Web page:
The part about a subfloor on pylons though... is the underside of the subfloor insulated? Is it a dirt floor underneath? is the skirting somehow insulated? There might be huge room for improvement in insulation under the home... there could well be a lot of moisture infiltration... is there a vapor barrier? You might find that the best money you spend is on insulating the underside.

So this is off the boiler topic... but anyway...

If you are running an indirect, you would probably need at least 80K BTU to get decent recovery time on the hot water. And that's going to be more than the heat loss in the home.
 
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Old 10-28-09, 09:33 AM
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I think I've been sold on pulling out the W-M and using both sides of the Quietside. I priced an indirect tank (I don't remember the make) at over $1300. We really don't have a need to store hot water with only the three of us. I spoke with a neighbor who has a WTGO-3 tankless and it has been working for him (although he also plans on installing a Quietside for better efficiency).

Since I really don't need a tank, I'd rather not try to keep cast iron at 120 degrees year round. The Quietside has a small (2 gal?) tank and aluminum heat exchangers, and it's already sitting there next to my brokren down Amtrol. I re-calculated my heat loss using R8 for the walls and R5 for the floor. I do not believe the underside is insulated. Only part of the floor has a vapor barrier (laminate floor installed), and the skirting is not insulated. I also entered .75/hr for air changes. I would have gone with 1, but my wood stove has a very strong draw, so I'm thinking the house isn't way leaky. With this calculation I have more like 31,500. I found out my baseboard is 580/ft.x55ft.=31,900.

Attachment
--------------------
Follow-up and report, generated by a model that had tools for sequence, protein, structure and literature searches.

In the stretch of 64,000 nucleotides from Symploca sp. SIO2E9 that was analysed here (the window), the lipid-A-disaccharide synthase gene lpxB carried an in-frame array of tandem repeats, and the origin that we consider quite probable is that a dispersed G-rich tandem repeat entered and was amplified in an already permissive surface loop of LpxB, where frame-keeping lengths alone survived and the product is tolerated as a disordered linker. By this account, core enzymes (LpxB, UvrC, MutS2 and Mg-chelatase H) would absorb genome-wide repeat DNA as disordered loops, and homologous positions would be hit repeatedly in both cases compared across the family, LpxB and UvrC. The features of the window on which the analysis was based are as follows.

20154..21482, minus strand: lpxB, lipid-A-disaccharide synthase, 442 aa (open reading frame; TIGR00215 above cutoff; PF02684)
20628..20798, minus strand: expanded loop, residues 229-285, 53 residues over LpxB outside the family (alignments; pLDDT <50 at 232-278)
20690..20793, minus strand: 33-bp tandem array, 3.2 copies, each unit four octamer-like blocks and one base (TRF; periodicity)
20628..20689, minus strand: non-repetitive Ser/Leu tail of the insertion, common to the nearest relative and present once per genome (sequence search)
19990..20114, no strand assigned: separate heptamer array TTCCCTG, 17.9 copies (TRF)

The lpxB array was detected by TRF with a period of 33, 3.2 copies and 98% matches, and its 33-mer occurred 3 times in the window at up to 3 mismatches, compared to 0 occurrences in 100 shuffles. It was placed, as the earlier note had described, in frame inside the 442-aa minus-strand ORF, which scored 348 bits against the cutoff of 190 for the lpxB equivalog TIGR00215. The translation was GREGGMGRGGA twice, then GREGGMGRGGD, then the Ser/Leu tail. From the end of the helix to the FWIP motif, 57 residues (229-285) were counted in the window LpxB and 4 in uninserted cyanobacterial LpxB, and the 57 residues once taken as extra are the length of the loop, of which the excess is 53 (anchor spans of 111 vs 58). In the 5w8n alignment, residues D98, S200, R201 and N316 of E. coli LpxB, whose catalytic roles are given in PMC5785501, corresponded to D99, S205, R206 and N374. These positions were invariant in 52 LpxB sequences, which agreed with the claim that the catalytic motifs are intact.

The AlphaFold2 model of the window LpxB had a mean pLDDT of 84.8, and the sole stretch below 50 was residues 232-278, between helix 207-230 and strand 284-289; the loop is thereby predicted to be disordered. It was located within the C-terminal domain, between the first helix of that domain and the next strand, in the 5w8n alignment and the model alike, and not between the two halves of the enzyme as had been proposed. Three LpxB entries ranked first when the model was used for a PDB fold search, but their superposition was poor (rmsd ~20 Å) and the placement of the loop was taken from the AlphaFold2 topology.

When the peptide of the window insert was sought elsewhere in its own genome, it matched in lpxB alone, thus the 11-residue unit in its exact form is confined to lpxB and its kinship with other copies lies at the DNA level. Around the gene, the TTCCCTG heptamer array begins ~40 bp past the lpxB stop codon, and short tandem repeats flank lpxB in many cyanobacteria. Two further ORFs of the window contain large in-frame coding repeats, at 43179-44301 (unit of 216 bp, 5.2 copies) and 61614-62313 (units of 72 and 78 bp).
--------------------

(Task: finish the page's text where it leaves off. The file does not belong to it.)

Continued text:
Since I have a wood stove to use in the evenings, I figure if my estimates are still off, the stove should be plenty of buffer and I can add baseboard, if needed, next spring. Of course, this will be after I get some insulation under the house, which I might be able to get a start on before spring.

Does it sound like I have any major flaws in this plan, or is it a reasonable aproach?
 
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Old 10-28-09, 05:59 PM
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Some thoughts.

An indirect water heater does not require the boiler to be hot 24/7. It can be what's known as 'cold start', which is quite common. The tank gets charged up when its aquastat calls for heat, then it goes back to heating the house. It's about the most efficient way to heat domestic water, and the good tanks will last a very very long time (hence the moderately high up front cost).

Not trying to sound anti-Quietside. I just know nothing about them in terms of performance and durability. If you go with this option, install it absolutely to the letter regarding piping, pumping, venting, etc. (And if you go for it, ask questions and share info here!)

A genuine 'Manual J' heat loss inherently overestimates the heat loss by anywhere from 10-30% when you apply reasonable assumptions.

There is no better investment, in terms of reduced heating costs and short payback time, than improving the building envelope by insulating and air sealing. There's a good DIY guide to this at the energystar.gov site. Here: